I was adopting in a village in Alaska, so things had to go through the tribal court system. So it was definitely a different situation (I don’t want to sound at ALL like I would discourage anyone from pursuing adoption).
Basically, my ex-husband and I submitted our paperwork for China and were told it would be a nine month wait. That extended to what would have been five years, had we gone through the whole wait. While waiting, we decided to pursue domestic in Alaska. The first baby was with us for eight days when the birthmother decided to parent her instead. This was devastating, to say the least.
The second was a toddler we visited with the birthmother on four occasions before the birthmother told us her mother was going to fight her decision to place her baby with us. In Alaska, if a native Alaskan challenges an adoption over a non-Native, the non-Native almost never gets custody. So that ended.
The third was a former student of mine. We got the call from her aunt, went to the hospital, held the baby when she was just a few hours old, and had plans to take her home with us upon release. The birthmother knew our previous situations and guaranteed she would not change her mind. When we arrived to visit the next day, she said she was going to place the baby with her native cousin instead.
So that’s it in a nutshell. It broke our hearts and sadly, our marriage did not come out intact. After having three women look you in the eye and promise you they want you to be the one to parent their child, then have all three of those fail, it becomes very difficult to not be filled with pain. We handled the situations so differently that in the end, it created too much of a distance between us.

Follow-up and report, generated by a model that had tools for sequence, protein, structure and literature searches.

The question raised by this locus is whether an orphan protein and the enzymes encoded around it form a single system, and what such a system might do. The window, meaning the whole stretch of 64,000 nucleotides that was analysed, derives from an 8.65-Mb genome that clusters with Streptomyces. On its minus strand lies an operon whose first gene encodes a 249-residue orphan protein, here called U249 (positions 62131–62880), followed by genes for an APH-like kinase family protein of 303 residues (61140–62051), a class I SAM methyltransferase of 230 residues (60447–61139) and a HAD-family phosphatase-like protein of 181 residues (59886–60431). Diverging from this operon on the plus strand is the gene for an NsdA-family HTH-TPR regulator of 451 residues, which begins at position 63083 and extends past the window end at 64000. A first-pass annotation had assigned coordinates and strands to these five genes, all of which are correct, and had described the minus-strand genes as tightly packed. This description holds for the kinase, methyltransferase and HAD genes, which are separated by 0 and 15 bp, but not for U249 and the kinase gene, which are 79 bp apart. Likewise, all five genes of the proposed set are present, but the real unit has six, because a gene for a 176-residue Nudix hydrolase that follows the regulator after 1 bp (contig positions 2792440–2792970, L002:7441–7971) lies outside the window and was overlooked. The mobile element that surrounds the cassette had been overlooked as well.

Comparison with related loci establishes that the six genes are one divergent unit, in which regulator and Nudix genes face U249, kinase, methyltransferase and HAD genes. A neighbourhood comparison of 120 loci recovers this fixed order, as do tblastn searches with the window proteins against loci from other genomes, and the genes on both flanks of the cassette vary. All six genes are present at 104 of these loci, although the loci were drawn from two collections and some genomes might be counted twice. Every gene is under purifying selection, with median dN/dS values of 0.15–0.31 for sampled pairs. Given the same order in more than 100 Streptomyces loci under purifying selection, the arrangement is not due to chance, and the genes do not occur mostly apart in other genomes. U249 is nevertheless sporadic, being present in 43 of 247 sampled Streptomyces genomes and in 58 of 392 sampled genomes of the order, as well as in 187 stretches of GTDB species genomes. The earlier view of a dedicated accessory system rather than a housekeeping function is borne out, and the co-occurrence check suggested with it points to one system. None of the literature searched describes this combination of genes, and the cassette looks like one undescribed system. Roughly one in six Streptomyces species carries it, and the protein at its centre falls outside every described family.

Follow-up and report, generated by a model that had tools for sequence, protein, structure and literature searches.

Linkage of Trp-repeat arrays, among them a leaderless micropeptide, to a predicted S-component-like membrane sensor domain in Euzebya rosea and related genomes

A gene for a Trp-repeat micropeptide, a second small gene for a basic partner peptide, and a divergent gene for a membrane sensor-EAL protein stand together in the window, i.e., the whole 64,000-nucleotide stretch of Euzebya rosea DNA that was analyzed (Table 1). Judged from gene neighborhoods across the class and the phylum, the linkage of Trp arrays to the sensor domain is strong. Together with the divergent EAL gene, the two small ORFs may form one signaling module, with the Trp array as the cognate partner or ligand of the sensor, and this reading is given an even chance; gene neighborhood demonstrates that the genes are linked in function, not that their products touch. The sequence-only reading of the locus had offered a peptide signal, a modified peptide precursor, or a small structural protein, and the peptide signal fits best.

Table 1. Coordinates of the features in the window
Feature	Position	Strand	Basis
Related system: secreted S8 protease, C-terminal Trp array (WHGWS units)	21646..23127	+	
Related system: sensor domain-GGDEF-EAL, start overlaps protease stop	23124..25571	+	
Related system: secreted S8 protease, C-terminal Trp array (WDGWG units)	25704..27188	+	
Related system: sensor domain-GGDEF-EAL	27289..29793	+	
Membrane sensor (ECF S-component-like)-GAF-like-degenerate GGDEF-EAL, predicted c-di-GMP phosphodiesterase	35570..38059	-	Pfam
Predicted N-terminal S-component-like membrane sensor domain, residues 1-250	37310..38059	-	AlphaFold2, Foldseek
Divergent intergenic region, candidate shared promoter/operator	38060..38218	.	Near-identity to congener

I am thankful to be with my current partner who has been an excellent communicator with me from day one on this issue. We had a GREAT initial visit yesterday, and hope we will find some success with IVF.
Thanks for listening![/QUOTE]
Wow, what a crazy story. I think if anyone deserves a happy ending to that story via IVF, its you. If only the people who so often make off-the-cuff comments about IVF knew how tricky adoption really is. Its not like the good old days when you could go to the Catholic monastery and come home with a kid the same day.
My wife and I once wanted to adopt very much, even before we knew that we had fertility issues. When we discovered we had reproductive problems, we looked into adoption and were shocked when we ran headfirst into the bigoted reality of domestic and foreign adoption. My wife and I are secular humanists and we’re a multi-ethnic couple, so that makes it very, very hard for us to adopt. Christians want to give their children to Christians, Muslims to Muslims, Hindus to Hindus… but Secular Humanists pretty much never reproduce by accident, so they don’t have unintended babies that they can give away to other people who also have a naturalistic worldview. Likewise, white people want to give their children to white couples, Indians to Indian couples, etc.
Even people who are offering their embryos for adoption more often than not have strict preferences. That leaves my wife and I with nothing much but IVF. It’s heartbreaking, really.